Copyright 2001 Cahners Business Information, Inc.--This text refers to the Hardcover edition. See all Product Description
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Top Customer Reviews
One thing I enjoyed about this book is that several different characters narrate it. In the other Mitford books (thus far) everything is narrated from Father Tim's perspective. But here we are privy to the thoughts and observations of other well-known characters, such as: Esther Bolick, Uncle Billy Watson, and Mayor Cunningham. I think this change of structure works well for this particular installment. It gives us a fuller view of that most dramatic of events: the marriage of a beloved old bachelor. Let's face it; if it were up to Father Tim to remember the events surrounding his wedding to Cynthia, we wouldn't have much to work with because he had too much going on around him.
This book is slimmer than the others, perhaps offering less story than fans are used to. One compensatory value might be that it has a nice two-color interior design.
I recommend _A Common Life_ to fans of the series mainly on the virtue of its unique structure, giving voice to other familiar characters
Father Timothy Kavanaugh, the lifelong bachelor, has finally decided to commit his life to his vivacious neighbor, Cynthia. He thinks that his feelings of worry about his relationship will be over upon making this decision - but Father Tim is so very wrong. There is, after all, a wedding to be planned!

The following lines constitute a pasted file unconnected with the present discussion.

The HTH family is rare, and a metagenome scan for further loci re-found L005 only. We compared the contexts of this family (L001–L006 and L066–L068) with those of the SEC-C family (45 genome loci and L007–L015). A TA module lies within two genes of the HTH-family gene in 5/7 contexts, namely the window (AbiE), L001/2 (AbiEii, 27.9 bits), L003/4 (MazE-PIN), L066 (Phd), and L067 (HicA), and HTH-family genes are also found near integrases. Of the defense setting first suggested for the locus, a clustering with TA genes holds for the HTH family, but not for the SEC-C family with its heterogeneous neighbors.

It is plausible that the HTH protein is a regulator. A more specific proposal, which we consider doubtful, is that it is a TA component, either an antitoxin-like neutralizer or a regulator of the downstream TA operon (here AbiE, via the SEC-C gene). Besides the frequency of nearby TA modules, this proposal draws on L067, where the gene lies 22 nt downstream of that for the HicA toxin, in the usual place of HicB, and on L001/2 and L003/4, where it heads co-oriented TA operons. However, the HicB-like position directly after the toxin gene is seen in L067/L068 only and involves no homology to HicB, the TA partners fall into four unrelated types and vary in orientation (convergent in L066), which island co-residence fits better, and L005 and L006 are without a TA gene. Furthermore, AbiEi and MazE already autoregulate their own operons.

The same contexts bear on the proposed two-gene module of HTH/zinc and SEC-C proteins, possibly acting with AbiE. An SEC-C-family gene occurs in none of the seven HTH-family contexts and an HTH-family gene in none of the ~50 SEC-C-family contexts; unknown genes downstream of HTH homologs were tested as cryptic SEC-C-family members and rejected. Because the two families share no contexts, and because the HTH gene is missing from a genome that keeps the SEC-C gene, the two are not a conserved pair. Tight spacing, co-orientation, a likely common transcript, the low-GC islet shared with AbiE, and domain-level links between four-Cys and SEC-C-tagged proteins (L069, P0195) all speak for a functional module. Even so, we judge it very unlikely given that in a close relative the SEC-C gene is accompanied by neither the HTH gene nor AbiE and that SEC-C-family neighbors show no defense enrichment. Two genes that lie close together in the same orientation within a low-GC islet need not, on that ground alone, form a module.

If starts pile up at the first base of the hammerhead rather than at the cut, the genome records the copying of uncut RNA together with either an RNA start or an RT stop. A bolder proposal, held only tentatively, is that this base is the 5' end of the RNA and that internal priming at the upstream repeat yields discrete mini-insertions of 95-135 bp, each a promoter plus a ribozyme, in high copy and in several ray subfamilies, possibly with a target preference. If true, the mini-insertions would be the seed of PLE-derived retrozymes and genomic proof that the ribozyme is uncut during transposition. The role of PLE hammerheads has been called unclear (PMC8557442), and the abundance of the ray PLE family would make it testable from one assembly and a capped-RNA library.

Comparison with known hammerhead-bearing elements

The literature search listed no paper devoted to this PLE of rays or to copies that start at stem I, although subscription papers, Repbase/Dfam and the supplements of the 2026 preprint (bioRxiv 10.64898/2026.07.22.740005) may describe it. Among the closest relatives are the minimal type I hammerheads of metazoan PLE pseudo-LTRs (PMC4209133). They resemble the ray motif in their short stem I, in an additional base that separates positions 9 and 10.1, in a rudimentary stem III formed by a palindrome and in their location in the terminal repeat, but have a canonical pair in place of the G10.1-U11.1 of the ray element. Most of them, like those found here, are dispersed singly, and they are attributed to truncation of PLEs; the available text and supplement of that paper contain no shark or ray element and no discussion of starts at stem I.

The good folk of Mitford proceed with all of their usual flair. Cynthia is subject to showers and teas, while Father Tim gets a good dose of advice at his favorite diner. There are the usual decisions about flowers, songs, and attendants. Yes, all of this is commonplace - but that is the beauty of Karon's writing. She infuses these decisions, gone through by all engaged couples, with a grace and candor that is rare.
I read several chapters of this book with tears in my eyes, impressed by the gentleness and true love of the characters. Fans of Mitford are sure to find a blessing in A Common Life.
Most recent customer reviews
Yet another fantastic book in the Mitford series. Every bit as good as the first five.Published 3 months ago by christine Ottens
love this series although I did find A common Life a little slow but easily enjoyable. I recommend this series to anyone looking for easy, relaxed and 'feel good' reading.Published on Dec 10 2013 by Kaye Tompsett
Another great read! A little shorter than regular Mitford books. Interesting how she would hold off on the wedding chapters for a later book. I just can't get enough of Mitford!Published on Dec 5 2003 by Tonya Speelman
This book appears to have been written simply to hold the readers until the next book in the series (hopefully with some substance) is released. Read morePublished on Nov. 19 2002 by Elizabeth C. Hicks
Huge disappointment. Don't buy, borrow from the library if you must.Published on Oct. 27 2002 by plum9195
Compared to all the other Mitford books, this one is like a bad movie of the week, or an old rerun of Love Boat. Read morePublished on Oct. 22 2002 by Anna M. Haney
I read this sixth Mitford installment after completing the second one, which is where it really belongs, and I have to say that Jan Karon continues to please me. Read morePublished on Sept. 4 2002 by Dianna Setterfield